This is what the skillet looks like bare after all the old seasoning was stripped away. Collectors often want to see before and after pictures, but in reality they want to see what the piece looks like without any seasoning.
This is what it looks like after five seasoning trips to the oven. In reality not as black as it looks, but coming along nicely. After a couple more trips in the oven at temperatures around 350° to 375° fahrenheit the skillet has darkened to black without the seasoning flaking off.
The shape of the handle is a signifier for a Wagner skillet. Any mold defects could be more easily determined at the foundry when each mold has a unique mark as seen here as a dot.
Notice how the handle is smooth. This is a sign of a good quality piece of cast iron. No polishing or milling marks are present. This skillet came from a high quality mold.
This is a closeup shot of the bare interior of the skillet. Very smooth and glassy to the touch. Very high quality.
This is a side view of the skillet stripped of most of its seasoning. The last bits are very stubborn and decided to leave them. Notice how smooth the side of the skillet looks.
After several passes in the oven the skillet is not quite black yet, but getting very close. At this point, the skillet is ready for use.
This is a size 9 skillet and its size has to do with what oven size hole the skillet would fit into and not the actual size of the skillet. This naming convention continues today. As it turns out, Wagner size 9 skillets are somewhat difficult to come by. That makes this particular one desireable to collectors.
Sometimes the inside of the handle has bits of jagged metal leftover from the casting process. This happens when the mold isn't an exact fit and a little molten iron seeps out. Does not affect the value in any way.
This is a bare skillet with no oil or seasoning on it. The surface is very smooth with little imperfection. This is about as good as it gets.
One of the finest skillets seen. The walls are a little higher than most and operate well to contain splatters from cooking. It is a little lighter than most and easier to handle. It is completely flat with no wobble. Hard to find a Wagner without any wobble or spin to it. It's nicely polished and seasoned. Passes the "Fried Egg Test" by the ability to fry an egg without any sticking using only a half tablespoon of butter. It is a pleasure to use and it really doesn't get any better than this.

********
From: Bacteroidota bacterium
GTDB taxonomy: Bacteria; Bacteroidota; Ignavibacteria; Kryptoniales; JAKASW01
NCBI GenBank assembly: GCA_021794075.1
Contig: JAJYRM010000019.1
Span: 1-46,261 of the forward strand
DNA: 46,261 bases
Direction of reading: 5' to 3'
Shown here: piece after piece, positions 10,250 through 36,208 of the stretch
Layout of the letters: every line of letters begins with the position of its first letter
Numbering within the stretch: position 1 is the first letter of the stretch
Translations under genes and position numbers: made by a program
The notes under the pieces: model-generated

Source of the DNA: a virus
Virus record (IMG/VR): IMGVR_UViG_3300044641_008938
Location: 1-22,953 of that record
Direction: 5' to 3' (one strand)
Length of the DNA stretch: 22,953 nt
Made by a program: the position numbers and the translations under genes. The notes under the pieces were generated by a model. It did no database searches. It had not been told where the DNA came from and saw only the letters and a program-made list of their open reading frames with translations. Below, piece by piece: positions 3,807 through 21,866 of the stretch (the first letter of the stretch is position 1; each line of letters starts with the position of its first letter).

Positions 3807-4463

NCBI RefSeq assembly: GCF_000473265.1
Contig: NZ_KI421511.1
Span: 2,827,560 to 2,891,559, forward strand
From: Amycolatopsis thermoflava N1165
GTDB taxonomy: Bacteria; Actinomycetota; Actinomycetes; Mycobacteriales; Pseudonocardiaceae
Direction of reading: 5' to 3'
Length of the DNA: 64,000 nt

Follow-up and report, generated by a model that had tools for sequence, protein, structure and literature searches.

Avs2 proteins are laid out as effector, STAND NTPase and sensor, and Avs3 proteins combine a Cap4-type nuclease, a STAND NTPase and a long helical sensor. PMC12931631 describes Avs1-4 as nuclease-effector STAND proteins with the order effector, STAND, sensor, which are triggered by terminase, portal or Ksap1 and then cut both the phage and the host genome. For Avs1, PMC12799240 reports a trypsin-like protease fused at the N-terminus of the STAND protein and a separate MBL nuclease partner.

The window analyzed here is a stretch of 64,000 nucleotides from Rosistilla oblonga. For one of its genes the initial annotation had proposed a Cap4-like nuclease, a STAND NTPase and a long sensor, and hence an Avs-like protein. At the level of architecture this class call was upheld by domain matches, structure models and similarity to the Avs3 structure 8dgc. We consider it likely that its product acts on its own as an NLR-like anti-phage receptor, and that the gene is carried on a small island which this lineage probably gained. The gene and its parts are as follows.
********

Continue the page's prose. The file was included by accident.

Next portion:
1933 Unmarked Wagner Size 9
Weight : 5 lbs. 4.1 oz.
A collection of images from a vintage cast iron skillet made somewhere between 1924 and 1935. Hard to tell exactly what year it was made, but believe this one was made in the early 1930's based on information given to me by the original seller. This is the last of the heat ring Wagners before they discontinued them due to the changing nature of kitchen stoves at the time. Wagner made marked skillets with their logo and placed them in high end department stores and the unmarked ones ended up in hardware and lower end department stores. In this way they were able to reach a larger audience and sell more cast iron. The difference between the marked and unmarked ones are the incised logo on the bottom of the skillet. Other than that they are the same quality and size.
The flash from the camera makes the skillet look brighter than it normally does. You can zoom in on the images if you mouse over them. During autoplay zoom is disabled. Shrinking the browser window will shrink its contents possibly making it easier to view the gallery.
Valued in the range of $50 - $70.